Residents of Birmingham, Alabama woke last Friday to skies that looked more like an ocean, with a series of huge "wave" shaped crests rolling slowly across the sky. Experts have now explained the phenomenon as perfect examples of "Kelvin-Helmholtz" waves, when a fast layer moves over a slower layer and drags the top along creating a curled shape.
You'll recognize Kelvin-Helmholtz waves when put in context of the ocean. This kind of turbulence forms when the top layer — air — moves faster than the water layer below. This creates what we all know as wave crests or breaks when the water surges forward.
The phenomenon is less common in the sky, but when it does occur the principle is the same.
In the case of last week's clouds, Chis Walcek, a meteorologist at the Atmospheric Science Research Center at the State University of New York, Albany explained to Life's Little Mysteries, "In the picture of the Birmingham sky, there is probably a cold layer of air near the ground where the wind speed is probably low. That is why there is a cloud or fog in that layer. Over this cloudy, cold, slow-moving layer is probably a warmer and faster-moving layer of air."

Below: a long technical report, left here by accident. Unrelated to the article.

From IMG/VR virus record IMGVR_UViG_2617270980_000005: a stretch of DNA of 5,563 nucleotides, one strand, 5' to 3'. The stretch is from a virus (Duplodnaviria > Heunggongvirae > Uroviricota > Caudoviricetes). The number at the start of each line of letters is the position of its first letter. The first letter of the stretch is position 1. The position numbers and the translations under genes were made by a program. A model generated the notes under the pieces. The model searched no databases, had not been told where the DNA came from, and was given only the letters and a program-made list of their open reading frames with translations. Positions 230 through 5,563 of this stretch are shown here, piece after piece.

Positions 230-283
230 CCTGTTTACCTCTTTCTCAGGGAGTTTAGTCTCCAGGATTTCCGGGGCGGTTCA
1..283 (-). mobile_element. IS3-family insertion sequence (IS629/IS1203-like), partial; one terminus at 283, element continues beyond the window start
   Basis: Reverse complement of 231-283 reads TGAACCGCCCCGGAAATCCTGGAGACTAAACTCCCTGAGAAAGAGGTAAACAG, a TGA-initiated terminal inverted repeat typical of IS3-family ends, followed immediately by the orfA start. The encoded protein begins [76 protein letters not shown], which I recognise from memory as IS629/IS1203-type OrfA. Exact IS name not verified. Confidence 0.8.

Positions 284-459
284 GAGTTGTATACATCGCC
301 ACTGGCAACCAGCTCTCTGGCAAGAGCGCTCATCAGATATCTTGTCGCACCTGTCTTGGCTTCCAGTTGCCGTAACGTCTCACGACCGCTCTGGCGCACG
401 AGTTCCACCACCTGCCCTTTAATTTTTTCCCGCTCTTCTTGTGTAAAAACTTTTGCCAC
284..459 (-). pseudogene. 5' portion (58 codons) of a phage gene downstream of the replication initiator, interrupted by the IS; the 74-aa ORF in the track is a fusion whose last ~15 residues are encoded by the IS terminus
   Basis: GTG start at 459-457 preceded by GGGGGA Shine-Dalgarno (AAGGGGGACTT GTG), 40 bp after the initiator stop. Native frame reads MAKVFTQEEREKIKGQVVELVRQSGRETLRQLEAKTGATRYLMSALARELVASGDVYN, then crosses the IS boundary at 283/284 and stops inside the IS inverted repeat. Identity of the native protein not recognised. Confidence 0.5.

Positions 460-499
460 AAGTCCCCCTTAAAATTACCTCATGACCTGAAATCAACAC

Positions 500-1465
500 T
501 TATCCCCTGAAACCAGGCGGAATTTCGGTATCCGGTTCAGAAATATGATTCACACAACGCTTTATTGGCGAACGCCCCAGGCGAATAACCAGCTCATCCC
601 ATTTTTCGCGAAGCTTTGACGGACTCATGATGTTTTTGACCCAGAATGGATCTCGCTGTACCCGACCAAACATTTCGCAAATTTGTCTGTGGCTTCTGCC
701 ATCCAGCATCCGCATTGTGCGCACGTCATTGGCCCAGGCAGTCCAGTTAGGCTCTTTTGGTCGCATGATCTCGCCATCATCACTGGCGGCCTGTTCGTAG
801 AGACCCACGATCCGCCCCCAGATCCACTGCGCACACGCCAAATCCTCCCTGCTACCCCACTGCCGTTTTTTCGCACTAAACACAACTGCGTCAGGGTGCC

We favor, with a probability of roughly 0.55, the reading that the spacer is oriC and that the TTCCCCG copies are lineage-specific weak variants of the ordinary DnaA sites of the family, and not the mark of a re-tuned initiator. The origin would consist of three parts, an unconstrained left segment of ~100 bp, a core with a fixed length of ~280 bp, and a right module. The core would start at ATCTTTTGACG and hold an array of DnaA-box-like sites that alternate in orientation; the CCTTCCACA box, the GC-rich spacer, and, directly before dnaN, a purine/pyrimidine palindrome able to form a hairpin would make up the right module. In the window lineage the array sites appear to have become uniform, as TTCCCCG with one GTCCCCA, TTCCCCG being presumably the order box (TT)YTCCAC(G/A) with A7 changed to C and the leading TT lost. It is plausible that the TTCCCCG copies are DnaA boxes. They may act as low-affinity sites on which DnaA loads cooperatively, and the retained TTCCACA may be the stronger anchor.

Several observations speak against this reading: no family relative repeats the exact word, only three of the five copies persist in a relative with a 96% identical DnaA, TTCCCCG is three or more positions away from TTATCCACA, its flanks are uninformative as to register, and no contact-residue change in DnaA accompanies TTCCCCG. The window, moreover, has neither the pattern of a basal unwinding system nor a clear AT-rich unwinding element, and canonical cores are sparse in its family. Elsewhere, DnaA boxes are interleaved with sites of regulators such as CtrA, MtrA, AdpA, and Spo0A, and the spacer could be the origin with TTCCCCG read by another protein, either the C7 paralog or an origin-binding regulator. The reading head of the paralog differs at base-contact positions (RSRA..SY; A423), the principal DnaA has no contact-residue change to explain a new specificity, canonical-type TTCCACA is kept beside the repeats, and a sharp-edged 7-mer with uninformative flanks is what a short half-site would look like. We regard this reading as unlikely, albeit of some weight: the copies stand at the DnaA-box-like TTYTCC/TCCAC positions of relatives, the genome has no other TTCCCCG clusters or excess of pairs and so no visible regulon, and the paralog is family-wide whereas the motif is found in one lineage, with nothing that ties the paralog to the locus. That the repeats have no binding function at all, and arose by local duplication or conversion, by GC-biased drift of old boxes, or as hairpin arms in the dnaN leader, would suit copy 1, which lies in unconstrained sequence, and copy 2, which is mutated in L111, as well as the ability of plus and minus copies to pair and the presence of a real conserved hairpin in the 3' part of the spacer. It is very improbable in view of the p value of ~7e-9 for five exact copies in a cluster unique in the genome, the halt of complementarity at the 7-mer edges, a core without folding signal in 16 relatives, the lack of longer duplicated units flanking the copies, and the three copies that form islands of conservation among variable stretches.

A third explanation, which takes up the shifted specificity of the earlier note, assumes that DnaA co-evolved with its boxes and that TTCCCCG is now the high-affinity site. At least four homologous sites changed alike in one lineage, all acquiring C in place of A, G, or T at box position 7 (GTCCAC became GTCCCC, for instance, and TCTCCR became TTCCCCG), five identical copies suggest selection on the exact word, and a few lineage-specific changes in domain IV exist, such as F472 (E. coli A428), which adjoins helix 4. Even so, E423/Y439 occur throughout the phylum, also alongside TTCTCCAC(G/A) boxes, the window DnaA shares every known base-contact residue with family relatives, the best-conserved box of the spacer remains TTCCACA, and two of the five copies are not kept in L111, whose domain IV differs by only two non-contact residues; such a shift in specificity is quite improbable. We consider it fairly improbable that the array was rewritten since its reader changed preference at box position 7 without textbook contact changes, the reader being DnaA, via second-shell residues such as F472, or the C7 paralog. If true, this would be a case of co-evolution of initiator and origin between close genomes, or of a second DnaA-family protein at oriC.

Generally the differences between the air speed and the temperature of the layers of the atmosphere tend to run from one extreme to the other. In most cases the difference between the layers are small so they will merely glide on top of one another. On the other end of the spectrum if the difference between the layers is too great the meeting of the layers turns into random turbulence.
The Kelvin-Helmholtz waves are only formed when atmospheric conditions between the two layers are just right. What [these pictures] show is air between these two atmospheric layers that is just very close to that threshold for turbulence, and mixing to mix the two layers together," according to Walcek.